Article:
Previous studies have indicated that roof plate cells express several BMP family members in addition to Bmp7, and that BMP signaling is necessary and sufficient for roof plate development in the chick neural tube (Lee and Jessell, 1999; Chizhikov and Millen, 2004b; Chizhikov and Millen, 2004a; Liu et al., 2004). The transcription factor gene Msx1 is a downstream target of BMP signaling in the dorsal neural tube, and misexpression of Msx1 in the chick spinal cord results in expansion of the roof plate (Liu et al., 2004). Therefore, to determine whether excess BMP signaling might be responsible for the expansion of the roof plate that we observed in mes/r1-S2GOF;F8 embryos at E10.5, we assayed for Msx1 expression as a readout for BMP signaling in dorsal r1. The domain of Msx1 expression was indeed significantly expanded medial-laterally in anterior r1 in mes/r1-S2GOF;F8 embryos as compared with control embryos at 33 som (Fig. 5M,N). These data support the hypothesis that a decrease in FGF signaling in r1 results in an increase in BMP signaling and expansion of the roof plate.
In considering how FGF signaling in anterior r1 could function to inhibit BMP signaling, we investigated the possibility that it might induce or maintain the expression of genes that encode secreted BMP antagonists. One such gene is Gremlin1 (Grem1) (Hsu et al., 1998), which has been reported to be expressed in the roof plate of anterior r1 (Pearce et al., 1999; Louvi et al., 2003). We found that in control embryos at E9.25 (22 som), Grem1 RNA was readily detected in the roof plate and adjacent neuroepithelium (Fig. 5O, and data not shown), whereas in mes/r1-S2GOF;F8 embryos Grem1 expression was barely detected in anterior r1 (Fig. 5P). In contrast, Grem1 expression was only moderately reduced in mes/r1-S2GOF embryos (not shown). These results suggest that a normal function of FGF signaling from the IsO is to inhibit BMP signaling in dorsal r1 via a positive effect on Grem1 expression.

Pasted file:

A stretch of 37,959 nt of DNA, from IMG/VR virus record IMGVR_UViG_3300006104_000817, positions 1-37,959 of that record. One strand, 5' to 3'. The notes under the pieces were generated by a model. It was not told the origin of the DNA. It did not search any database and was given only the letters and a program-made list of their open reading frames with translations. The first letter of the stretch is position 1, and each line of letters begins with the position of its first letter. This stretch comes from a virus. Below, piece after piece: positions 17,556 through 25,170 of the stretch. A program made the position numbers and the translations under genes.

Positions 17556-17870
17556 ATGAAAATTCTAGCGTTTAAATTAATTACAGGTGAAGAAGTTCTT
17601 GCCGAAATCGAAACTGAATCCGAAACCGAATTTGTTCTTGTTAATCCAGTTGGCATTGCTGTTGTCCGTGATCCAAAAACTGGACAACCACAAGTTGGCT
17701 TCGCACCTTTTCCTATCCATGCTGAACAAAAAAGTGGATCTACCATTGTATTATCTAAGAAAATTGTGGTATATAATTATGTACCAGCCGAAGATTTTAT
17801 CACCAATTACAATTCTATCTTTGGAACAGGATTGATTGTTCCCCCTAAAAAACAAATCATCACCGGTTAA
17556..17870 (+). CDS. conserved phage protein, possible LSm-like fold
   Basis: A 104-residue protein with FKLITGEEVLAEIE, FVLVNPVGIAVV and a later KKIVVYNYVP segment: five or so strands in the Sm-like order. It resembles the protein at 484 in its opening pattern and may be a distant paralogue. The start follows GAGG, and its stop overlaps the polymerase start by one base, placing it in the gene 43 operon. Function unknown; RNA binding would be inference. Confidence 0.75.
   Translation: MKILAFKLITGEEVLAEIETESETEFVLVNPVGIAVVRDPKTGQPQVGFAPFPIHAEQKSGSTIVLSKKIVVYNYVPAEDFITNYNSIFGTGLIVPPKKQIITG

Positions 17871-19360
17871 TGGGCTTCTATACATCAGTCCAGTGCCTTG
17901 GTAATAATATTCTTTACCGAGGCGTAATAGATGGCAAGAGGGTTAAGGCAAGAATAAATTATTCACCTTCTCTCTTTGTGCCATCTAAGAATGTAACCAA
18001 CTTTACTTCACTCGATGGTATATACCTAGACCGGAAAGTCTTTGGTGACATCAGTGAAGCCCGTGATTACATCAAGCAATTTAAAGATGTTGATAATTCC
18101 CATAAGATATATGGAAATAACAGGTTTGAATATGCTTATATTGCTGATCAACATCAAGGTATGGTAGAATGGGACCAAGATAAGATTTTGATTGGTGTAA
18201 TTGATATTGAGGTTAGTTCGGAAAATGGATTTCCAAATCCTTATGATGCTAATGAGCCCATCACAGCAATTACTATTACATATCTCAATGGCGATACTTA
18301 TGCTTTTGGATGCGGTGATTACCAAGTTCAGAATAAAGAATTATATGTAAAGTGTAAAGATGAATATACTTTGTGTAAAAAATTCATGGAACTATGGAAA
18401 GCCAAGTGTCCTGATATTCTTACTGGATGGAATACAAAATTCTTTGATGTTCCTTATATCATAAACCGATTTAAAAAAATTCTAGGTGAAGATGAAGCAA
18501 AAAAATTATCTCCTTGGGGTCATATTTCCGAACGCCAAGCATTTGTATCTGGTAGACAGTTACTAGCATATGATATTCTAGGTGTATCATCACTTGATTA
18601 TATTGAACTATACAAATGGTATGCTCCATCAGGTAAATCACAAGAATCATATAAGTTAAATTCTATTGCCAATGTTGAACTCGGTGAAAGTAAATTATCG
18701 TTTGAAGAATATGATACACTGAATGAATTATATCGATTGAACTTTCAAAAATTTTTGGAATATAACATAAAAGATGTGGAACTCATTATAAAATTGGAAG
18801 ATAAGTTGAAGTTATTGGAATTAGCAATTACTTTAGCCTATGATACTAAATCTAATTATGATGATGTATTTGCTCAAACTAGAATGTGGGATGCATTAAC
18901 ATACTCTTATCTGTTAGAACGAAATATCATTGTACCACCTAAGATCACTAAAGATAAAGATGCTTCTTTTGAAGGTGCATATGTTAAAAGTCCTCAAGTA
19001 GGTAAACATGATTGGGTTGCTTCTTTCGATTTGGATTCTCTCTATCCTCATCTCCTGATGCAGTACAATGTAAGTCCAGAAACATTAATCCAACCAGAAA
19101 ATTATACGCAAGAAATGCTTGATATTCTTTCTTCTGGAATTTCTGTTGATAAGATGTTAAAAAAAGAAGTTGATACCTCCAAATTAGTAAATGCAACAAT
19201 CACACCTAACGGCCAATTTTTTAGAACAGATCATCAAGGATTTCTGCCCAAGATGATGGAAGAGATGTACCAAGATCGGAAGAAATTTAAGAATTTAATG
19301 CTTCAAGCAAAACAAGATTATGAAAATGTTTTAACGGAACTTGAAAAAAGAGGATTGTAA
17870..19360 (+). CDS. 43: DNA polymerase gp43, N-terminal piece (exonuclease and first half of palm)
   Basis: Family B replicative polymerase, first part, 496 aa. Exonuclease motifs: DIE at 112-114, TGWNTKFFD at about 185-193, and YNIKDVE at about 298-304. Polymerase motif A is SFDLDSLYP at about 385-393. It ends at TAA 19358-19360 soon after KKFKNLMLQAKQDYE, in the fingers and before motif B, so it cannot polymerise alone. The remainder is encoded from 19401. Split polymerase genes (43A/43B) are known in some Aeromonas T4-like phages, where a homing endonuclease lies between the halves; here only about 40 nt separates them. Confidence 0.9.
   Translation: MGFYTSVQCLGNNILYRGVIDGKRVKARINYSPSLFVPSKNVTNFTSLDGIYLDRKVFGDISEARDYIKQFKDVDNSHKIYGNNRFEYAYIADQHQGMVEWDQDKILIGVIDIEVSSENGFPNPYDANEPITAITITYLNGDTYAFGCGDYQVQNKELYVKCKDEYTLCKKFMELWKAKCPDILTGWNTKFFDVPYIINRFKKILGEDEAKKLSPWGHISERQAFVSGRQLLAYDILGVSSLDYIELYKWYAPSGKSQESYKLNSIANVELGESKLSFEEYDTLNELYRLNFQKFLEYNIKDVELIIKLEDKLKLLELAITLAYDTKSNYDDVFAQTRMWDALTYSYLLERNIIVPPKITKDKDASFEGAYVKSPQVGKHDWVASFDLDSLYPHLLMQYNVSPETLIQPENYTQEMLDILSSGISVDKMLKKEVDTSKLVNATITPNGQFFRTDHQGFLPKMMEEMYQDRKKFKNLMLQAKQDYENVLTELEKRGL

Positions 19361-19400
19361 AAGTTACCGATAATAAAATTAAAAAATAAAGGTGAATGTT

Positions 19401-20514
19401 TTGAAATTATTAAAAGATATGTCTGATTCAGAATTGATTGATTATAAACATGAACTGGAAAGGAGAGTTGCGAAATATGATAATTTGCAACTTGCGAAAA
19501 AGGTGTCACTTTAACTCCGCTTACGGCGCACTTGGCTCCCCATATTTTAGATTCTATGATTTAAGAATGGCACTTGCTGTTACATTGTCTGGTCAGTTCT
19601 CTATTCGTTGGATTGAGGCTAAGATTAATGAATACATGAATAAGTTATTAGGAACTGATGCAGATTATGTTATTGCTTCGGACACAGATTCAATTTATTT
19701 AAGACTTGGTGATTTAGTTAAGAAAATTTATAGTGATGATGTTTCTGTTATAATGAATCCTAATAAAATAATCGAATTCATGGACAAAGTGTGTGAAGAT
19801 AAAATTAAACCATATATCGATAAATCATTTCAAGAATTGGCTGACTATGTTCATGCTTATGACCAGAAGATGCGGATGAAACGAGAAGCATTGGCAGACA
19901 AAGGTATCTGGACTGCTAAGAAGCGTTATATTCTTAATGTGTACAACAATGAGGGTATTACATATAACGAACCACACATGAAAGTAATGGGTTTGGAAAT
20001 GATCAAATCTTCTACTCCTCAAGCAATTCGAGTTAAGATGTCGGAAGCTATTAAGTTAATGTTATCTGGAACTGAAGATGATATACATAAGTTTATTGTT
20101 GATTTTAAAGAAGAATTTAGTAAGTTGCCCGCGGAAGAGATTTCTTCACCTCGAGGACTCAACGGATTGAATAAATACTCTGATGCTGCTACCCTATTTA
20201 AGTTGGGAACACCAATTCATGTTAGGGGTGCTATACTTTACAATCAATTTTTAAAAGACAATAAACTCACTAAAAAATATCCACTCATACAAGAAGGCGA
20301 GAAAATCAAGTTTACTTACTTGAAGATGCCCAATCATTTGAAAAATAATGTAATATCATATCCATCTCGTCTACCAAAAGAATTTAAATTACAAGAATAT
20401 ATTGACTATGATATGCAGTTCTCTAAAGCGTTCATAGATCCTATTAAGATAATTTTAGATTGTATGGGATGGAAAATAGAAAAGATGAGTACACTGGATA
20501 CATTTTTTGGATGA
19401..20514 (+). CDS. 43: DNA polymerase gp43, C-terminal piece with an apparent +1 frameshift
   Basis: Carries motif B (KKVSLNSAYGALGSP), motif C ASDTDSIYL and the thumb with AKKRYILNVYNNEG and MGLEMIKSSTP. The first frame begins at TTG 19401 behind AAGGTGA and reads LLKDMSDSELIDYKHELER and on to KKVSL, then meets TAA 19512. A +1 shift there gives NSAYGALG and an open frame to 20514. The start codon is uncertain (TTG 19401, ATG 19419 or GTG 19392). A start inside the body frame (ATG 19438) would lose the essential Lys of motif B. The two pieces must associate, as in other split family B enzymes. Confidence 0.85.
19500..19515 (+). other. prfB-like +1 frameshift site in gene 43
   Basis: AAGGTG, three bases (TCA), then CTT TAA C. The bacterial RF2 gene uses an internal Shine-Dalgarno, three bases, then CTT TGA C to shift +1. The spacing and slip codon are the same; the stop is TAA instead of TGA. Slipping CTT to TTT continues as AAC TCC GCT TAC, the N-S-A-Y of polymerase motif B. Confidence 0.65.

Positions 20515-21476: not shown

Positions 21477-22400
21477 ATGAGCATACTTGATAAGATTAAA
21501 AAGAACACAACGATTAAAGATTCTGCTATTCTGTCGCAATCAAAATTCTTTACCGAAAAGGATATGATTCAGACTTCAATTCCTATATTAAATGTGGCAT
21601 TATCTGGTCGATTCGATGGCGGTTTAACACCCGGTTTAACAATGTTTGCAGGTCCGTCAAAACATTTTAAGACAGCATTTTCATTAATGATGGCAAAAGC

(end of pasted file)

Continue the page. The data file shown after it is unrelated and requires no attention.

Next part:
In this study, we produced the equivalent of an FGF loss-of-function allelic series specifically in mes/r1 and examined the effects of progressively reducing FGF signaling on midbrain and cerebellum development. By recombining one copy of a conditional Spry2 gain-of-function allele throughout mes/r1 at ~E8.5, we obtained mes/r1-S2GOF mutants with a phenotype similar to that of Fgf17−/−;Fgf8+/− mutants (Xu et al., 2000). When we reduced Fgf8 gene dosage in mes/r1-S2GOF mutants, or produced animals with two copies of the recombined Spry2-GOF allele, we obtained a more severe phenotype, which resembled that of embryos homozygous for an Fgf8 hypomorphic allele (Fgf8neo) (Chi et al., 2003). Together, these data strongly support the hypothesis that expression of the recombined Spry2-GOF allele results in an inhibition of signaling via FGF receptors rather than other RTKs during midbrain and cerebellum development. A dorsal mes/r1 phenotype similar to that in mes/r1-S2GOF;F8 embryos has also been observed following conditional inactivation of Fgfr1 in mes/r1 (Trokovic et al., 2003), suggesting that the FGF signaling that is affected in the Spry2 gain-of-function mutants is primarily relayed by FGFR1.